"Many of the clients are basically looking for preventative maintenance," St. John said. "They want to stay functional; want to be able to stay independent."
Lisa Baumgart, who owns Greylock Physical Therapy in Lanesborough, said she has noticed similar age trends among her clientele over the last five years. However, as she has seen the overall number and fitness levels of her senior clients increase, Baumgart said she has also noticed something of a counter-trend.
"We're treating a lot more younger people who are weak because they're sitting at computers all day, then they try to go play sports," Baumgart said.
Seniors also face physical challenges unique to their age group. According to the National Institute on Aging, while older Americans are enjoying longer lives and better physical function than previous generations, they struggle with rising obesity rates.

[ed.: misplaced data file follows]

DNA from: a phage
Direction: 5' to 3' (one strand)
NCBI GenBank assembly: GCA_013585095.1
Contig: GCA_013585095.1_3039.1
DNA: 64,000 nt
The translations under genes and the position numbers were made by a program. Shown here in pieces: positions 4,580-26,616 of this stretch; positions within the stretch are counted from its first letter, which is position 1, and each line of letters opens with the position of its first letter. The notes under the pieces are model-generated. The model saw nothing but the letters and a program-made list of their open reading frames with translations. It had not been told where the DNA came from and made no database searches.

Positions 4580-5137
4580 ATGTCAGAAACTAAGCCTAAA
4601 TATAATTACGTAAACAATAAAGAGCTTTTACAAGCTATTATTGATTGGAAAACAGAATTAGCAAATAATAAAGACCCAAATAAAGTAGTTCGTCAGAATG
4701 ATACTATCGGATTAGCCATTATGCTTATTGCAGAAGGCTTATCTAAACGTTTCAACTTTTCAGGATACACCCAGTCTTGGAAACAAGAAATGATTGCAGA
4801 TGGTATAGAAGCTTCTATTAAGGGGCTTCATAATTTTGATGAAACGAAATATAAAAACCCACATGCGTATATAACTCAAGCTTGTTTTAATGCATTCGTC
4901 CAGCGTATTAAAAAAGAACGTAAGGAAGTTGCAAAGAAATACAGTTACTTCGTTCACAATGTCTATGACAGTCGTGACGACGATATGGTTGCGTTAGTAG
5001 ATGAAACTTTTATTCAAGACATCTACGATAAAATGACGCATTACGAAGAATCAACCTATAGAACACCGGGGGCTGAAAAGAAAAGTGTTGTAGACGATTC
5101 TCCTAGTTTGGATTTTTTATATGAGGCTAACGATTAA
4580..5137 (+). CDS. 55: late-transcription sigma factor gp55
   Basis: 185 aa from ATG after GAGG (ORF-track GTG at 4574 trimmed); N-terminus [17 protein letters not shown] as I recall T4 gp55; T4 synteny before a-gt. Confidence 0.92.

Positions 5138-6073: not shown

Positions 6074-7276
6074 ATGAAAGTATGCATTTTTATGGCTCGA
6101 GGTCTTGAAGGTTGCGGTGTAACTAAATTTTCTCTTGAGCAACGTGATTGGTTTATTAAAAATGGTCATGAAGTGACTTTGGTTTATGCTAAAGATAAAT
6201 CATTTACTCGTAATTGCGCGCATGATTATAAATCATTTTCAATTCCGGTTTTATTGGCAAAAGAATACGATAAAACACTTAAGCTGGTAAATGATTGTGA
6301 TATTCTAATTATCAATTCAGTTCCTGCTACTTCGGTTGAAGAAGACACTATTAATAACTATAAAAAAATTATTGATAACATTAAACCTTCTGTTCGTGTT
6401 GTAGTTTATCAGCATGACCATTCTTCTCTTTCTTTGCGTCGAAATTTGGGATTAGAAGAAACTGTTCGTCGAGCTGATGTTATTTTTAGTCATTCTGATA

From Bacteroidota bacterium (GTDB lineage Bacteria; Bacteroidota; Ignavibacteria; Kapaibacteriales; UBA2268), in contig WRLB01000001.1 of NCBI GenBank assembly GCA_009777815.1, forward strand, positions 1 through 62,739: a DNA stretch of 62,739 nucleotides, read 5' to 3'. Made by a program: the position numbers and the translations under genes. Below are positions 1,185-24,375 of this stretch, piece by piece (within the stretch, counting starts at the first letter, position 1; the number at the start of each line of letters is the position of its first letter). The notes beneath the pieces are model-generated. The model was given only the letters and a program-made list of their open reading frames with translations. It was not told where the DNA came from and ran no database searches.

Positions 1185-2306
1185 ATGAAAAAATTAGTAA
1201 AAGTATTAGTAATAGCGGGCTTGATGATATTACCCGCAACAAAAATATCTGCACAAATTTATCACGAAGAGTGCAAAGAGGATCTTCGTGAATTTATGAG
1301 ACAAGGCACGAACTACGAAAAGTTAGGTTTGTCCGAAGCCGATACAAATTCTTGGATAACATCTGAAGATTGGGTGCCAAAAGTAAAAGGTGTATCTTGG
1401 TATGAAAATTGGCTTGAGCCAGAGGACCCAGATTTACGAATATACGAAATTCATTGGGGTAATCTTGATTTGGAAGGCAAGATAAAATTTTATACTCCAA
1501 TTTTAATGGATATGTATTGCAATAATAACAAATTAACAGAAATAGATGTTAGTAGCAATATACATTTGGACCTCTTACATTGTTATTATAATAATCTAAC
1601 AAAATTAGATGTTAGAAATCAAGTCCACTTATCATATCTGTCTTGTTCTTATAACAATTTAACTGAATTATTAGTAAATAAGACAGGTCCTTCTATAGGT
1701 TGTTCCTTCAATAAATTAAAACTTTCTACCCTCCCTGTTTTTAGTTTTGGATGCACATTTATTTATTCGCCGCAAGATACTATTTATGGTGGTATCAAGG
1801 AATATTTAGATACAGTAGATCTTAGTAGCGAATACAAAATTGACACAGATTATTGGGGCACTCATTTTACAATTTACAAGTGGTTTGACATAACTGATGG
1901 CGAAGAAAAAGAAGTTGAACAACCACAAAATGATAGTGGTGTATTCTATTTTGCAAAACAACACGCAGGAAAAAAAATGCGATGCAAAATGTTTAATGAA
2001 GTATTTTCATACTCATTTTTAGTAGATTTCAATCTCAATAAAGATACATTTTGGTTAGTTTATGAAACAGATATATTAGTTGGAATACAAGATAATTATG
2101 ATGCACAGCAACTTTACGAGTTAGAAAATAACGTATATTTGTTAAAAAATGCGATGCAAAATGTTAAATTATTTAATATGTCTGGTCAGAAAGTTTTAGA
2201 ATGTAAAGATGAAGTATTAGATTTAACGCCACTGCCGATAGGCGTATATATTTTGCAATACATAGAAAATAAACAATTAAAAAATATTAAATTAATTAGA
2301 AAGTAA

In 2009-2010, 38 percent of people age 65 and over were obese, compared with 22 percent in 1988-1994, according to a federal report.
But it's only a matter of time before the 65 and older crowd reverses that trend, if the folks in the "Lift & Lunch Crunch Bunch" at the Community Recreation Center in Great Barrington have anything to say about it. The group of about 40 men and a few women meets twice a week for a rigorous cardio and weight training workout. Afterward, they adjourn to the Barrington Brewery for lunch.
Sy Karpen of Otis, 86, said he is one of the youngsters in the group -- a claim contested by several fellow group members. But they did agree that the social element of their club is what keeps them coming back week after week.